Economy continues long, slow road to recovery

Jun 02, 2022
| Posted in
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In April, seasonally adjusted employment increased by 1,500 jobs, offsetting some of the losses from last month (2,400 jobs). The Kansas City economy has now recovered 82% of the 139,300 jobs lost from the recession. The Kansas City economy needs to recover another 25,000 jobs to return to the pre-pandemic peak of employment. The unemployment rate declined from 3.4% to 3.3% between March and April, a modest improvement.

Kansas City has improved one position from last month in our 12-month employment growth comparison to peer metros. Kansas City ranks 10th overall, with total employment increasing by 18,800, or 1.8%, over the past 12-month period. Overall, Kansas City has recovered slower than some of our other peer metros, far behind Austin (7.4%) and Nashville (7.1%).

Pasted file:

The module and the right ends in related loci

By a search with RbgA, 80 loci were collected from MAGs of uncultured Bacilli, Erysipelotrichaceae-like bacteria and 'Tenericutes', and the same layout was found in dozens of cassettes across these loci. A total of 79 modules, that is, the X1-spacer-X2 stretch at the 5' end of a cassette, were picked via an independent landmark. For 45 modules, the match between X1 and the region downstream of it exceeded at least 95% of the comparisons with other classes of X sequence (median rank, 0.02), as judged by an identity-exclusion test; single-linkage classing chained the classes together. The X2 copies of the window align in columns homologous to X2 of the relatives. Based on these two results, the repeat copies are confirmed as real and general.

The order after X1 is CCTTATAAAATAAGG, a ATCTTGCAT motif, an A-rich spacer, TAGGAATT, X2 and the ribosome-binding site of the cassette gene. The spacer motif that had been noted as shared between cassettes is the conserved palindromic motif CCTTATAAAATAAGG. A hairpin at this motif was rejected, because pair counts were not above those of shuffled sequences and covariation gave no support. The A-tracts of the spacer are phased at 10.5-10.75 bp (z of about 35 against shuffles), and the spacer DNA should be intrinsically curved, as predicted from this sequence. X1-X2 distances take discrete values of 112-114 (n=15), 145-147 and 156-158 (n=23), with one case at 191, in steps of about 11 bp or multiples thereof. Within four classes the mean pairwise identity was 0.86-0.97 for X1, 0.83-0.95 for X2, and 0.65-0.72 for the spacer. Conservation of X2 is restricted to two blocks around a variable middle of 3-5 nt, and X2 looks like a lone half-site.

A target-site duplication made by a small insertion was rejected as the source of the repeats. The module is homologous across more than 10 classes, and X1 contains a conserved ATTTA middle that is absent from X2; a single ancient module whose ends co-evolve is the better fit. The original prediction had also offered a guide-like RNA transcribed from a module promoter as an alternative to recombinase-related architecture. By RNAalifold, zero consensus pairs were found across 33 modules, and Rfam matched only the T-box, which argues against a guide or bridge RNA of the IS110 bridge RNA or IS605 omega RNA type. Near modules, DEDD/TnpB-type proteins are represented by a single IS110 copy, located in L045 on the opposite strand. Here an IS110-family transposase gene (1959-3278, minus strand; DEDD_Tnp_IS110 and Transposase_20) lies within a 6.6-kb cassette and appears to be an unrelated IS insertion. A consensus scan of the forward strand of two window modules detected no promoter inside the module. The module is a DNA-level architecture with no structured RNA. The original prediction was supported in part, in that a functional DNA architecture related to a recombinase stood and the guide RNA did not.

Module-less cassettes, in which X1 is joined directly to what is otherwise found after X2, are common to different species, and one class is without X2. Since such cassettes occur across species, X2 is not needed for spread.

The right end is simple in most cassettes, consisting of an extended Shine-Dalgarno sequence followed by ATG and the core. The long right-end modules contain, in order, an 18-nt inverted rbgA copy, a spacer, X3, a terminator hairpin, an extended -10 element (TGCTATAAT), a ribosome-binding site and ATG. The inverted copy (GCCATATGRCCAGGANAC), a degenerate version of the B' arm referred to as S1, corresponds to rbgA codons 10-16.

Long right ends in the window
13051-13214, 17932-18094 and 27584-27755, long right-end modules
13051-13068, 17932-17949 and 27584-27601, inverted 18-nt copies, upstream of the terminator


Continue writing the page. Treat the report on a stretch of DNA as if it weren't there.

Leisure and Hospitality continues to have the strongest recovery given it has the most ground to recover. Over the 12-month period, job growth in Leisure and Hospitality increased by 10,600 jobs. Other sectors that saw large 12-month growth include: Mining, Logging, and Construction up 4,300 jobs, Transportation and Warehousing up 3,100 jobs, and Technical/Professional Services up 3,000 jobs. Sectors that saw losses over this period include Financial Services down 1,800 jobs, Local Government down 1,500 jobs, and Manufacturing down 1,300 jobs.

Kansas City has struggled to recover from the pandemic-induced recession relative to peer metros. At the current pace of recovery, it may take the Kansas City region until sometime next year to fully recover. Maintaining even the current pace of growth will be a challenge considering current economic headwinds like inflation, continuing supply chain issues and the Russian invasion of Ukraine. Job posting data continues to be the one highlight in our data. The number of posts seeking applicants improved greatly this month suggesting that companies are looking for workers. Hopefully, this large increase in demand translates to larger future gains in employment in the Kansas City region